This is the Experiential Learning Opportunity reflection and consists of actually visiting a dragstrip and either watching the event or participating by running your own vehicle.
ELO Reflection Fall 2013::
Drag racing is a motorsport that everyone can participate in with relative ease. Grassroots racing developed out of a desire for competition among young adults. By partnering with the local drag strip, students will be able to experience drag racing for themselves.
Crossroads Dragway www.crossroadsdragway.com has agreed to allow students a complimentary opportunity on one of the Friday Night Fun Nights to experience drag racing from the driver’s seat or from a spectator’s point of view.
Crossroads Dragway will coordinate a tour for students of this course (attending the tour is not required)
Students may elect to participate in the Friday Night Fun Night by racing their own street vehicle.
Students may opt to be a spectator in lieu of actually racing.
Under no circumstance will the grade earned in this experiential learning opportunity be impacted by on-track performance.
In fulfillment of this assignment students will write a reflection of the experience connecting the How to Drag Race text, the tour, and the experience to reflect their learning of motorsports.
If you are having trouble getting started with writing a reflection you may consider weaving your answers to the following into the reflection;
does motorsports of any kind interest you
what kind of motorsports do you find most appealing and why
how does drag racing compare to other forms of racing you are familiar with
do you consider yourself a motorsports participant or spectator
with your experience at the track on a Friday Fun Night, how can the adventure be improved
with over 60,000 people in Vigo County and considering all the other activities people are involved in, is there a way to increase the crowd at the dragstrip?Check out the local dragstrip’s website to see the schedule of events. As a student in AET 330, you may attend a single Friday Night Fun Night at no charge. Your friends will need to pay only $5 to enjoy the racing action with you.http://www.crossroadsdragway.com/Crossroads_Dragway/Home.html
IIRP Tips on Writing Reflection Papers
A reflection paper is not a summary of the course readings or a stream of
conscious mind dump on paper.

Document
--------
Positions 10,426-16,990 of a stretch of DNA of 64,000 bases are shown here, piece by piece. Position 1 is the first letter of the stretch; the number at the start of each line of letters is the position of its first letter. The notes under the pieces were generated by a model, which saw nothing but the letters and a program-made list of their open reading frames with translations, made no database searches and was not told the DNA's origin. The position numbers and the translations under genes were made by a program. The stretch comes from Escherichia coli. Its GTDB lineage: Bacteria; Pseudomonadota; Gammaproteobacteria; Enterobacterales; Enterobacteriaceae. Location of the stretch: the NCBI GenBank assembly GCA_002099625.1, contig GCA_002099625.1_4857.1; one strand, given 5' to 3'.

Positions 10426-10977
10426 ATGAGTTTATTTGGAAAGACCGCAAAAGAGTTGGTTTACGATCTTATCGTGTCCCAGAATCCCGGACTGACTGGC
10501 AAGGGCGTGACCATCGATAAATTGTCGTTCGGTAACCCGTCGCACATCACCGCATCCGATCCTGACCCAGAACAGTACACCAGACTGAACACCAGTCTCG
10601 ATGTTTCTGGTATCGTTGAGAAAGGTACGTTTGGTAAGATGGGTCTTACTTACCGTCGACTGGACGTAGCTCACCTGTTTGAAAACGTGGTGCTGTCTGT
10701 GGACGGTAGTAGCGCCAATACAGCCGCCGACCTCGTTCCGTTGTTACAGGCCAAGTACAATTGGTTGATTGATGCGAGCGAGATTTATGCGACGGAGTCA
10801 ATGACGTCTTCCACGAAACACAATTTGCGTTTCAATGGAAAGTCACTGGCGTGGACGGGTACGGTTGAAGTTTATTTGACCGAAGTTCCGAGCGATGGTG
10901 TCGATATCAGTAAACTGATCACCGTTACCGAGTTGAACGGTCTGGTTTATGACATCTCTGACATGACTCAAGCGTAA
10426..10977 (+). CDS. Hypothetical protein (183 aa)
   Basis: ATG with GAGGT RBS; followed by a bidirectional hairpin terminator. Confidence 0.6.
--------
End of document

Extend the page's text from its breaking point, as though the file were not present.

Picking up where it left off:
1. As the diagram suggests, a reflection paper is your identification of the main
themes of the readings integrated with your classroom experience and how both
affect your thinking and practice.
2. A reflection paper is your chance to add your thoughts and analysis to what
you have read and experienced.
3. A reflection paper is meant to illustrate your understanding of the material and
how it affects your ideas and possible practice in future.
4. Begin by jotting down some of the reading material and class experiences that
stand out in your mind. Decide why they stand out to you.
5. It may be helpful to use the restorative questions to generate some of your
thoughts and feelings about the course experience.
6. Using the first person singular (“I”), relate the readings and classes to your
previous knowledge and experience.
7. Consider if and how what you have read and learned changes your thinking
and might affect your practice in both personal and professional situations.
8. Review the readings and class notes to be sure you’ve included all the
relevant information you can and made all the connections you can.
9. Give your reflection paper structure with an opening paragraph, main body,
10. It may be helpful to write the body of the paper first by using Steps 4-7, and
then decide what your opening paragraph should say. The opening paragraph
may be brief, only a sentence or two, but it should offer some overall statement
of your perspective based on what you’ve learned (e.g., Before I read the articles
for YC/ED 501, I had never considered that I was an authoritative supervisor, that
is, someone who gives my staff firm direction but little support.). Then you could
go on to describe which readings or class experiences affected your thinking and
why. You could disagree with some of the readings or ideas. The conclusion of
your reflection may also be brief (e.g., I realize that I must learn how to be more
supportive to get the best from my staff.). Or it could be uncertain (e.g., I don’t
agree with everything I learned but I am going to consider using some of the
practices in future to see if they change my office environment.).
11. Include in-text references and a reference page for any materials you cite
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